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VOIP Bandwidth Issues

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VOIP Bandwidth Issues

We have a fairly complex VOIP setup consisting of three freePBX servers, two on the mesh wan and one on the internet. They are trunked together and phones on any of the freePBXs can dial any other phone.

The issue that we experience occasionally is that phones attached to certain 2.4 GHz nodes (a mix of ubiquity gear) experience  a loss of voice quality. When the issue begins voices begin to sound tinny, then voice quality deteriorates rather rapidly, eventually eventually ending up with completely unintelligible voice quality. All you hear are occasional bits of audio that remind me of very long satellite audio paths.

Rebooting the affected node will bring things back to normal until it happens again sometime in the future. The intervals between occurrences of this issue vary. Could be days or could be minutes.

I don't know if this is a firmware issue or equipment issue and honestly don't know where to start troubleshooting. It's not server related, two of the PBXs are on real servers (not rPIs) and one is an (rPI). Personally I think its the node itself although I can't tell if it's the hardware or if it's the firmware. The node that gives us the most trouble is at  The signal quality is very good.

Just wondering if someone else has seen this issue or can point me in the right direction.





AE6XE's picture
Chuck,  could do "ping"
Chuck,  could do "ping" commands across different links, or the entire path, between the voip phones and pbx locations.   The idea is to get a view of the latency across the system or individual links.    This approach might help to isolate if there are any network performance related issues.    I defer to N2MH or another heavy voip user.   I recall you might try different codecs and this may be related.   There may be a better codec to use that addresses this.

w6bi's picture
Another tool
Another good tool for watching real-time path latencies is mtr ("mytraceroute")  it's available for both Windows and Linux.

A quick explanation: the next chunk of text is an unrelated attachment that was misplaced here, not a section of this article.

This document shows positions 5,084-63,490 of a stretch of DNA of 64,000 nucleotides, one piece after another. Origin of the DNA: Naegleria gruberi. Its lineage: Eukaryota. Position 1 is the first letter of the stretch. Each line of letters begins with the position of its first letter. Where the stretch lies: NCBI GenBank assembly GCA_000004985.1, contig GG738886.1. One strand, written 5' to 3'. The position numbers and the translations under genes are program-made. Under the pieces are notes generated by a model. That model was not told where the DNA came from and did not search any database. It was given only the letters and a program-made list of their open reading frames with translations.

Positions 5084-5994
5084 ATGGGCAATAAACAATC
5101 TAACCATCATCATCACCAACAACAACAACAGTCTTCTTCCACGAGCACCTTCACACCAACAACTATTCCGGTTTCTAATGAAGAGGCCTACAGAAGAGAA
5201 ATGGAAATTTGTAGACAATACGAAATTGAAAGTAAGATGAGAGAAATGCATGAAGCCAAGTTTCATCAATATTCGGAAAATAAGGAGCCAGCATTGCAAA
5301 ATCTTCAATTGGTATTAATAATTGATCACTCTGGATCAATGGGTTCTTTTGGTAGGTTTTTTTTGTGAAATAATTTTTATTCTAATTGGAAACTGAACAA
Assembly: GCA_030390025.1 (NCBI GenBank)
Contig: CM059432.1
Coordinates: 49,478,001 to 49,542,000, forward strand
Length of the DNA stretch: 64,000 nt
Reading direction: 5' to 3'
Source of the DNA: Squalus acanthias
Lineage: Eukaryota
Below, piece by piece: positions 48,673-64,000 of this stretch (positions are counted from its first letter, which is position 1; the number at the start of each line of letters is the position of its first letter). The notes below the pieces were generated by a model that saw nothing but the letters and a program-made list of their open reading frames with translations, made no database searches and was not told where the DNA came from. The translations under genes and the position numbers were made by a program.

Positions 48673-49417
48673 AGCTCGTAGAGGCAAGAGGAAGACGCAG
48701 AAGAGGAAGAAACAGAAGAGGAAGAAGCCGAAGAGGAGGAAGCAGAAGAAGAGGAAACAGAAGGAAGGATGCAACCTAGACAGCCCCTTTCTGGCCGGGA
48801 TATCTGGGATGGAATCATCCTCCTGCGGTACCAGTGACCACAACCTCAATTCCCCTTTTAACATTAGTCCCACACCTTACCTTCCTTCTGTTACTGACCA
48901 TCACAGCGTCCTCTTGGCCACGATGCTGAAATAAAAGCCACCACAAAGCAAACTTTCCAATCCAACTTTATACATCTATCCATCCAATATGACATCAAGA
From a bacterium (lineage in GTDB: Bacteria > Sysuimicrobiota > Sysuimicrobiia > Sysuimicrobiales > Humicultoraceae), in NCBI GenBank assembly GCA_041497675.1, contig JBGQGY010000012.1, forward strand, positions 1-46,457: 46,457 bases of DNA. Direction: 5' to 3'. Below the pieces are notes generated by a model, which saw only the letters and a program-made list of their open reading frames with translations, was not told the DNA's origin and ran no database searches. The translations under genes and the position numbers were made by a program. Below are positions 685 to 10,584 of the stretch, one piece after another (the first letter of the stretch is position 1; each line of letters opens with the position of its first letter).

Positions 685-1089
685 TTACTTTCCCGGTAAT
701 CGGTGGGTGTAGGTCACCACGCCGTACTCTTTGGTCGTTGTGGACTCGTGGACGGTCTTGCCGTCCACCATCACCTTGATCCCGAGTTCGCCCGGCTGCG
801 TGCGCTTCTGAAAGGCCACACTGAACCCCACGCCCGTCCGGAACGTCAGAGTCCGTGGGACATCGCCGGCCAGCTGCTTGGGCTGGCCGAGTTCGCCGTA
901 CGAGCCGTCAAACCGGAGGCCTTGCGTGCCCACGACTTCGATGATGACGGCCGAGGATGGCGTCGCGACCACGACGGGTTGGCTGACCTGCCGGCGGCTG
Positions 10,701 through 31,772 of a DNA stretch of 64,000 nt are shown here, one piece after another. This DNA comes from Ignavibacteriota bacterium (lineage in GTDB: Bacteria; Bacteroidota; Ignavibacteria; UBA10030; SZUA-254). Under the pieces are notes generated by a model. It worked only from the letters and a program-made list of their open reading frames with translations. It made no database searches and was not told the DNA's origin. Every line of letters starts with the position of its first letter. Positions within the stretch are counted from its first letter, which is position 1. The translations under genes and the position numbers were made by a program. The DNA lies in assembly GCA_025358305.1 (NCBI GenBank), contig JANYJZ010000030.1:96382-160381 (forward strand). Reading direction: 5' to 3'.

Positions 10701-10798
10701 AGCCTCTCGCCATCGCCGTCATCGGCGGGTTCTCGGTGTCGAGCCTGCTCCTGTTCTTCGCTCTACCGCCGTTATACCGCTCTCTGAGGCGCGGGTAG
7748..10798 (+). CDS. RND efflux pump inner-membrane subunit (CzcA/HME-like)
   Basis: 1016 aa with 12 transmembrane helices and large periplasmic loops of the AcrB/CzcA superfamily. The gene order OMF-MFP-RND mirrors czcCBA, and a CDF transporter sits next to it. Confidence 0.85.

Orv W6BI
Thanks for your responses.

Ran MTR for about sixteen hours and picked up an instance of a 4500 ms latency.  Something is up. I'd bet my hat the radio is fubar. We've been thinking about replacing it anyway so this jsut adds fuel to the fire.


N2MH's picture
Things to Check


Some things I'd check.

1. You might check to see if this is a memory issue in the nodes in question. The next time you have to reboot a node, make note of the free space just before you do the reboot. And then make note of the memory after the reboot. After doing this several times and keeping track of what you find, a trend may become apparent.

2. Do any of the nodes in question run meshchat, or anything else that might consume memory or processor?

3. You might keep track of your nodes list size and see if there's any correlation between your issue and if the the nodes list size suddenly increases. Measuring nodes list size is a new feature in the code and is displayed both on the node's home page and the nodes list page.

4. Speaking of, you should consider upgrading regardless as there are several enhancements that reduce the memory size of a node. This in itself may give you better performance.

5. I'd check your RF network for packet loss. In particular, if you have a lot of people all on one channel and who don't all hear each other well, you most likely are suffering from "hidden terminal syndrome". When people can't hear each other, they start stepping on each other with the result that packets get corrupted and dropped. With tcp based connections, such as web, the retry mechanism eventually gets packets through. However, voip is udp based and once a packet is dropped, it is lost for good. Get enough of these lost packets and you start to get lost speech.

In general, I don't think the horsepower of your asterisk boxes is insufficient. I've found that a raspberry pi is capable of more performance than what people give it credit for. If you do suspect that processor power is an issue, asterisk is capable of a mode that directly connects end points together (phones) once the call is set up. It then drops out of the streaming audio connection, saving processor. Of course, all bets are off if asterisk has to transcode between different codecs for a call or certain other conditions.



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